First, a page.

With business now global, and the U.S. economy beginning to turn, it's a good time to enter the emerging markets.
It's always a good time to enter emerging markets. Despite drawbacks, population growth in these markets is outpacing projections for developed markets. Emerging markets have, in fact, emerged.
China? China emerged more than 20 years ago. India? It emerged more than a decade ago. Brazil? It, too, emerged years ago, and people noticed. U.K. insurer Prudential PLCannounced in March that it is planning toopen offices in Brazil, andLloyd'shas already been there for several years, ever since 2008 when private reinsurance companies wereallowed to sell reinsurancein that market.
For global companies seeking growth, the proverbial good old days of the emerging markets are now -- not a few years ago, not in a few years' time -- but now.
There's more risk, sometimes a lot more risk, with emerging markets. Though that's true, it's nothing new. Entering any market, has always meant taking chances.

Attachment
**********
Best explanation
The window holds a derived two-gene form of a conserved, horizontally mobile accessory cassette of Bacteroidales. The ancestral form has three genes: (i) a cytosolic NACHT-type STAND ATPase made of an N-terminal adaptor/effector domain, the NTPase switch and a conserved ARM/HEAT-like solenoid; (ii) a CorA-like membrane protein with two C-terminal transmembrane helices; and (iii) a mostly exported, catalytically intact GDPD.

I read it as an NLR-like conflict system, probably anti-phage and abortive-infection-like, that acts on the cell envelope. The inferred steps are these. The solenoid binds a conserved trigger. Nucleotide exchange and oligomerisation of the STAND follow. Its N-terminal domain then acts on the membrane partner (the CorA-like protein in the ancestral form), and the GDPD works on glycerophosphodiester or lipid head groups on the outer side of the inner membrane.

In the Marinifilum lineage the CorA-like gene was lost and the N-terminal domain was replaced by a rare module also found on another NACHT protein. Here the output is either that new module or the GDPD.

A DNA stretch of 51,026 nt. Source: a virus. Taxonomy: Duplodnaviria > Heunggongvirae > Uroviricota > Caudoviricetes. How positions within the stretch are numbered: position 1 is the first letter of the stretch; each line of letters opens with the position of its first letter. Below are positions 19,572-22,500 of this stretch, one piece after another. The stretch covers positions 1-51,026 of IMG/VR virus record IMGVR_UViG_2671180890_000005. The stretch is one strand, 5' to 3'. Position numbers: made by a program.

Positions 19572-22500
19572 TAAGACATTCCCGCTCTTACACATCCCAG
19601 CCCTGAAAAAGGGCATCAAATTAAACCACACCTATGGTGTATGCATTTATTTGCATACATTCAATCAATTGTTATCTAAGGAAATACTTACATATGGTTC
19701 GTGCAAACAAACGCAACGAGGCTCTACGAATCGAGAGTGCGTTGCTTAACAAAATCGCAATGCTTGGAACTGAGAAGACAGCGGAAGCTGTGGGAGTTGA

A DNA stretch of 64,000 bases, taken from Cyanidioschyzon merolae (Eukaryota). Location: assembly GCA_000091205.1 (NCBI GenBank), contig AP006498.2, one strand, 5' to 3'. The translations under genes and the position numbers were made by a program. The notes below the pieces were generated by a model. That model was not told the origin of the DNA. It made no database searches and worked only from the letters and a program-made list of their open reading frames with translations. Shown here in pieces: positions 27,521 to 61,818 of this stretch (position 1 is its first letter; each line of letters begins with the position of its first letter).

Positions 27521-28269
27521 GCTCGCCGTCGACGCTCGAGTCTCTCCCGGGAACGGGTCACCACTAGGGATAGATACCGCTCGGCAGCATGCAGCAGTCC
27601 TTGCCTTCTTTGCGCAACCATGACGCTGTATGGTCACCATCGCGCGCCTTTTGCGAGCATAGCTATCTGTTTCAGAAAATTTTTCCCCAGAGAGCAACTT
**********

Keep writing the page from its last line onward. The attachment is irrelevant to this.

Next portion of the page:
The Internet has made it easy for companies to establish a virtual if not a physical presence in emerging markets at a fraction of the cost of yesteryear. Cell phones have turned long-distance communications and relationships into a matter of course. Years ago, it used to cost $10 for a 30-minute call to Europe from the United States. Today business owners pay just a few cents to Skype or text contacts abroad.
More than 80 percent of middle market companies now have global operations in developed and emerging markets. Even small businesses have a reach that they could only dream of at the turn of the 21st century.
How can you compete in the future, if you're not in markets like China, Thailand, Indonesia, India, South Africa or Nigeria? That's where growth is coming from and you can't afford to be focused just on the United States, Germany or Japan. Why overlook opportunity, especially when the long-term outlook for certain sectors of the U.S. market are bleak.
Young, growing markets want access to demand provided by consumers in mature economies so there is every reason to take a chance -- smartly -- on an emerging market, whether you are selling property/casualty coverage, cars or airplanes, or custom-made guitars.
The United States was once an emerging market. English entrepreneurs took a chance on the young nation. U.S. businesses reciprocated. Looking back, it's likely both sides were glad they did.
CYRIL TUOHY is managing editor of Risk & Insurance®. He can be reached at firstname.lastname@example.org.
May 1, 2012
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